Friday Fun Facts 3/16/2012
Here's this week's collection of Friday Fun Facts about Diana Gabaldon's books. I hope you enjoy them!
1) The picture above (from Wikipedia) shows a mammoth skeleton, like the one Ian took Brianna to see in ABOSAA.
The raked arches of ribs rose huge from the dirt, and she had the impression of a scatter of things half-buried in the rubble at the foot of the bank: enormous things, knobbed and twisted. They might be bones or simply boulders--but it was the tusk that caught her eye, jutting from the bank in a massive curve, intensely familiar, and the more startling for its very familiarity.Speaking as someone who has lived in North Carolina for more than 25 years, I find it hard to believe that mammoths once lived within a few hundred miles of my suburban Raleigh neighborhood. <g> But when I made a comment like that on Compuserve a few years ago, Diana's response was,
(From A BREATH OF SNOW AND ASHES by Diana Gabaldon, chapter 70 ("Emily"). Copyright© 2005 by Diana Gabaldon. All rights reserved.)
Now, surely you don't think I'd be making _up_ something like a mammoth, do you? <g> Nope, no less an authority than the NC Museum of Natural History in Raleigh says they were there.2) Here is an example of a British army officer's gorget. (Click on the picture for a better view.)
You may remember Jamie's confrontation with Governor Tryon, shortly after Roger's hanging in THE FIERY CROSS:
The lamplight from the tent-flap gleamed off Tryon's gorget, a crescent of silver that hung round his throat. Jamie's hand rose slowly--so slowly that Tryon plainly perceived no threat--and very gently fitted itself around the Governor's throat, just above the gorget.This example of a gorget comes from the 31st Regiment of Foot. As the accompanying article explains,
"Leave us, Claire," he said. There was no particular threat in his voice; he sounded merely matter-of-fact. A flash of panic lit Tryon's eyes, and he jerked backward, gorget flashing in the light.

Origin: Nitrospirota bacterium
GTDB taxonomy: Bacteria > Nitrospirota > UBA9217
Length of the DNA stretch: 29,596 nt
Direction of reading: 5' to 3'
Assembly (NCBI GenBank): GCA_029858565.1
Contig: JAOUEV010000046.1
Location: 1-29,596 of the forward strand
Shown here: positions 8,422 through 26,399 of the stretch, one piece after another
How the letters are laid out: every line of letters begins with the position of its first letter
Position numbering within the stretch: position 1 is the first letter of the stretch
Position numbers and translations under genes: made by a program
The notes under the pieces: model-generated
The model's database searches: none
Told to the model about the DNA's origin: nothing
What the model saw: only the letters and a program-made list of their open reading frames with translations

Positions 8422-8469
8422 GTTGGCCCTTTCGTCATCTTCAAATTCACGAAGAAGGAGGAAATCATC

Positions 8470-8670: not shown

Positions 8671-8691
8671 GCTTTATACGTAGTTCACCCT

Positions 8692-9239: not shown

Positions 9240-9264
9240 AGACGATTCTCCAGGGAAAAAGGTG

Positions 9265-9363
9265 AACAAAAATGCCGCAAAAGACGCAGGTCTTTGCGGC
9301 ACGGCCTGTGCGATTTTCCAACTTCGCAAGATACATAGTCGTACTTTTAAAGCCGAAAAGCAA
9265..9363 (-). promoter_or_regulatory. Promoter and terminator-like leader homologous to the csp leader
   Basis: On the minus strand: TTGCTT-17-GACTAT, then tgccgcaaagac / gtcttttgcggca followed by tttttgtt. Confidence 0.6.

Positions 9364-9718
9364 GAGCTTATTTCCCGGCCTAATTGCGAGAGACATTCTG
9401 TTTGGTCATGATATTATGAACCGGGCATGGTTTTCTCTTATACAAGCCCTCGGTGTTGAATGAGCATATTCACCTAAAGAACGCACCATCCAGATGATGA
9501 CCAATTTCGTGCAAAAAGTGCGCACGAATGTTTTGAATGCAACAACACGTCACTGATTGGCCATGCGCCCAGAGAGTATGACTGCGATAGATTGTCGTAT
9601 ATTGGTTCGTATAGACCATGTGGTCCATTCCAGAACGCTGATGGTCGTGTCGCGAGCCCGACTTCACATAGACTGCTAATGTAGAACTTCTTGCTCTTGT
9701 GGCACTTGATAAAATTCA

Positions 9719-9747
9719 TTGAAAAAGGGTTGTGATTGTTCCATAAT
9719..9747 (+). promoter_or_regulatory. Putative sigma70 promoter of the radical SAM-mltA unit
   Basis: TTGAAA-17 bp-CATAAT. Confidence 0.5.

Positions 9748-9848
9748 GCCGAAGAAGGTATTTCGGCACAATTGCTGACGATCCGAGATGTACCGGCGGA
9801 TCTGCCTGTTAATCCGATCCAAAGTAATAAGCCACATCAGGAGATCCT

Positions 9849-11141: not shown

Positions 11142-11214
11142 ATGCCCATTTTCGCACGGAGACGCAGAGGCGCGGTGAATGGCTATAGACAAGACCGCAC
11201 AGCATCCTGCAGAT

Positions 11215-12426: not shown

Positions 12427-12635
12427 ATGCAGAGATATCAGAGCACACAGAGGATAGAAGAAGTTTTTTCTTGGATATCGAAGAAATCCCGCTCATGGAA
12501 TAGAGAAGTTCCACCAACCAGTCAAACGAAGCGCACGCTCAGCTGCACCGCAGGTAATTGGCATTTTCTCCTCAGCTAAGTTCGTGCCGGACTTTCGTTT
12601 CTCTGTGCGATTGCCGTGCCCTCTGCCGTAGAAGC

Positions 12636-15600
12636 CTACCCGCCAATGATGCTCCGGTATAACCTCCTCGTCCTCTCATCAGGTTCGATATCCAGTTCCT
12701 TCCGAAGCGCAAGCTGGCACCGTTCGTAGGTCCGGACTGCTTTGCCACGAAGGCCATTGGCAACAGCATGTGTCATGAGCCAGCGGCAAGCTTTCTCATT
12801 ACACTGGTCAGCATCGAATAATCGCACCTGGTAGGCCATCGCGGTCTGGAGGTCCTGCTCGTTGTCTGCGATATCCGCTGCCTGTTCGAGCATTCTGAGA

"You dare to lay hands on me, sir!" The panic subsided at once, replaced by fury.
"Oh, I do, aye. As ye laid hands on my son."
(From THE FIERY CROSS by Diana Gabaldon, chapter 72 ("Tinder and Char"). Copyright© 2001 by Diana Gabaldon. All rights reserved.)
In 1777 elements of the 31st Regiment participated in Major General John Burgoyne's Hudson River campaign, seeing action at the Battles of Hubbardton (Vermont, July 7) and Freeman's Farm (New York, September 19). When Burgoyne's campaign ended in encirclement and surrender, the 31st Regiment's light infantry and grenadier companies were captured by colonial forces.So this particular gorget might have been worn by the officers of William's regiment? Of course we don't know for sure that it was the same regiment, but it's fun to speculate.
3) Here's an example of a "jugum penis", mentioned in AN ECHO IN THE BONE.
The picture above seems very similar to the description in the book. (Although the one shown above dates from the 19th century, not the 18th, the concept seems very much the same.)
“What on earth is it for?” I asked, more amused than offended by his reaction. “Given the name, obviously--”It looks to me like a cross between a medieval torture device and some sort of modern-day S&M paraphernalia. <g>
“It prevents nocturnal...er...tumescence.” His face by this time was a dark, unhealthy sort of red, and he wouldn’t meet my eye.